Above Right: Day 2: Nice wood craftsmenship! This was the Pontigny community hay and feed storage barn that is now used as a bus passenger and tourist queuing area.

Abbey of Pontigny. Wood Carved Pulpit.
Above Left: Abbey of Pontigny. France, more or less is all Catholic (ergo ...). This church is huge. Most churches become fortresses or sanctuaries when the local kingdom are under attack. We are about an eighth of a mile away in order to capture all of the church for this picture. I can't pretend to explain the different building eras, but there are noticeable differences in structure in different locations. Notice the flying buttresses on the near end - that's the original church.

Above Right: This is an intricately and delicately carved wood pulpit.

Medieval Text on wall of Pontigny Abbey. Ceramic Grave Stone Flowers.
Above Left: The text, pictured, was painted on the wall inside the Abbey of Pontigny. We recognize the first Latin word, and that is all. Intriguing, eh?

Above Right: These are ceramic flowers on top of a grave's stone cover. Only a handful of graves have ceramic flowers, but they seem so much more practical than live flowers placed often. The graves are located inside the Abbey's enclosure (clos).

Sign for entering Chablis. Sign for exiting Chablis.

Left: Sign for Entering Chablis, "Village of Flowers."

Above Right: Sign for Leaving Chablis.

Most of Europe has this style of Town/Village Entry and Exit (Slash) Signs.

The Chablis Bar, downtown Chablis. Chablis WWI and WWII Memorial.
Above Left: We are in downtown Chablis. Pictured is the Chablis Bar. Behind me, in the other picture, is the Chablis WWI and WWII Monument. Chablis is world renowned for its white wine made from the Chardonay grape, but they also produce Pinot Noir (red) and Aligote (pronounced Ali-go for English). Aligote is known as Burgundy's other white wine. Terry and I actually like Aligote better than Chardonay, but its yet another French wine that you pretty much can't get outside of France. In Europe, no city, state, or business can use the Chablis name for any product.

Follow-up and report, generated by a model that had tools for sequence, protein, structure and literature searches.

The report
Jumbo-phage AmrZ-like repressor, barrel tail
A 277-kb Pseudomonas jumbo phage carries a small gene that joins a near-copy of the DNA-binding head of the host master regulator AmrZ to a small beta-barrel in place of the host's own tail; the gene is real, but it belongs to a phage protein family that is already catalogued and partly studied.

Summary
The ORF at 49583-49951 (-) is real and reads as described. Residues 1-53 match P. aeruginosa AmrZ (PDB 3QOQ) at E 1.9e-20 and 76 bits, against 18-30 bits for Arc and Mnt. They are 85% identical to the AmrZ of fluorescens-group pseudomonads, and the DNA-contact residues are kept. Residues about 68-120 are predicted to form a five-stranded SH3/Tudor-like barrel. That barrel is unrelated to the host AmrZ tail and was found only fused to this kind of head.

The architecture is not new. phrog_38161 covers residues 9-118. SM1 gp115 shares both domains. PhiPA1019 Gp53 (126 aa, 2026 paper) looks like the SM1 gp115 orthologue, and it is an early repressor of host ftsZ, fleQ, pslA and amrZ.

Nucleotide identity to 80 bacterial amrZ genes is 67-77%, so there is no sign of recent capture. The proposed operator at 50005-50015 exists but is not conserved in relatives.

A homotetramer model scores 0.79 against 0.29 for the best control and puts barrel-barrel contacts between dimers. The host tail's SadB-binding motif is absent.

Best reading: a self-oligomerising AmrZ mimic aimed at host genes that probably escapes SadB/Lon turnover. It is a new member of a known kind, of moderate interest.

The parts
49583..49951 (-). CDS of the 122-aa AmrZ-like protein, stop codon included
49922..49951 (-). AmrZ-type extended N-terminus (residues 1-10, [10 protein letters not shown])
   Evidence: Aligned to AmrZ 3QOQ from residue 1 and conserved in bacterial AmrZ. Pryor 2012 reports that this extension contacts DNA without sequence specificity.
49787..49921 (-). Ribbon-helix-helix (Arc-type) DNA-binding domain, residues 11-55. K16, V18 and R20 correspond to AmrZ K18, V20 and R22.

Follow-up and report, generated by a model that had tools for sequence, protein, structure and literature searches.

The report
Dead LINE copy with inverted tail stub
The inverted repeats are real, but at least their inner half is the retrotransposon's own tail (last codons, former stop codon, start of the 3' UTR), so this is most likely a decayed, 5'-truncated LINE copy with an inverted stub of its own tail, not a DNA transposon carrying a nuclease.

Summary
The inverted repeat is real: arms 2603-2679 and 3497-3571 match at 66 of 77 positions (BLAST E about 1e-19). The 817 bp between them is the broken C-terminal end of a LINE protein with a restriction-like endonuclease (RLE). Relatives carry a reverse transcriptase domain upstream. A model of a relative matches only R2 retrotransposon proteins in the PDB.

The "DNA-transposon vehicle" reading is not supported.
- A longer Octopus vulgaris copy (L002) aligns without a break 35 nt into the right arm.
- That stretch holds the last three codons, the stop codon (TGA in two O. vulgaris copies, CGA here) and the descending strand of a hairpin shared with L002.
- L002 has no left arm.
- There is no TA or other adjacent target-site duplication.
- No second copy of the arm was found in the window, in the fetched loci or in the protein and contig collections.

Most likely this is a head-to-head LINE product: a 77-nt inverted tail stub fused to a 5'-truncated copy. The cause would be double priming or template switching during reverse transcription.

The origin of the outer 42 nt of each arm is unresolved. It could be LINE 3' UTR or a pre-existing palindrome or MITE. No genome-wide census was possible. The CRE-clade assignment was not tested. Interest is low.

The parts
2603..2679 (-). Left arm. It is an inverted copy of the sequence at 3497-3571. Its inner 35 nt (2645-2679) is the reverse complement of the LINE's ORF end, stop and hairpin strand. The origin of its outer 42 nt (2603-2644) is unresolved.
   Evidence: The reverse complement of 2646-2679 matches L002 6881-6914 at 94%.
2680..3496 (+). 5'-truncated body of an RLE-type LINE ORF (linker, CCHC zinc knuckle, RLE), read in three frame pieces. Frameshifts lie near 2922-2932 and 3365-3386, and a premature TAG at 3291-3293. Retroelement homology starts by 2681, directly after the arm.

Above Right: Every single town in France has a dedication to its WWI soldiers. France lost something like 30% of its fighting age male population in WWI. Most towns have added WWII memoriums to their WWI monuments. Contrary to popular belief, we found French people to be very aware of American/Allied help in both wars. Later, when we visit Dijon, we will have just missed Liberation Day celebrations, that is US Army liberation from Nazi Germany, still celebrated annually.

Village near Chablis. Wine of Chitry, stored underground.
Above Left: Over looking a village near Chablis from our bicycles.

Above Right: We have biked to the village of Chitry. There is a building with a little entrance and a little bitty sign that states that this is the Coop Cave for the Vins de Chitry (meaning, not actual words). We proceed down old stone steps to a vastly connected series of tunnels. There are different kinds of wine containers everywhere. During WWII, this town hid Howitzers underneath this town, in these same caves.

Chitry Wine Cooperative. Chitry Wine Cooperative's Manager.
Above Left: Barrels of Pinot Noir. The red stains near the plug result from testing. The property owner's cat's name is Prise. If I understand correctly, this is the name for the Plug that seals the wine Barrels.

Above Right: This is the emerging Director/Manager of the Coop Cave for the Vins de Chitry. His name is written on a piece of paper somewhere and I can't find it, also I don't quite have the village wine name correct. While the new manager gave a tour and explanation in excellent English, his father the retiring director was in attendance and beaming in pride. At the end of the tour, they give samples that are hidden in a wine barrel (very clever these French). We bought a delicious bottle of Aligoté.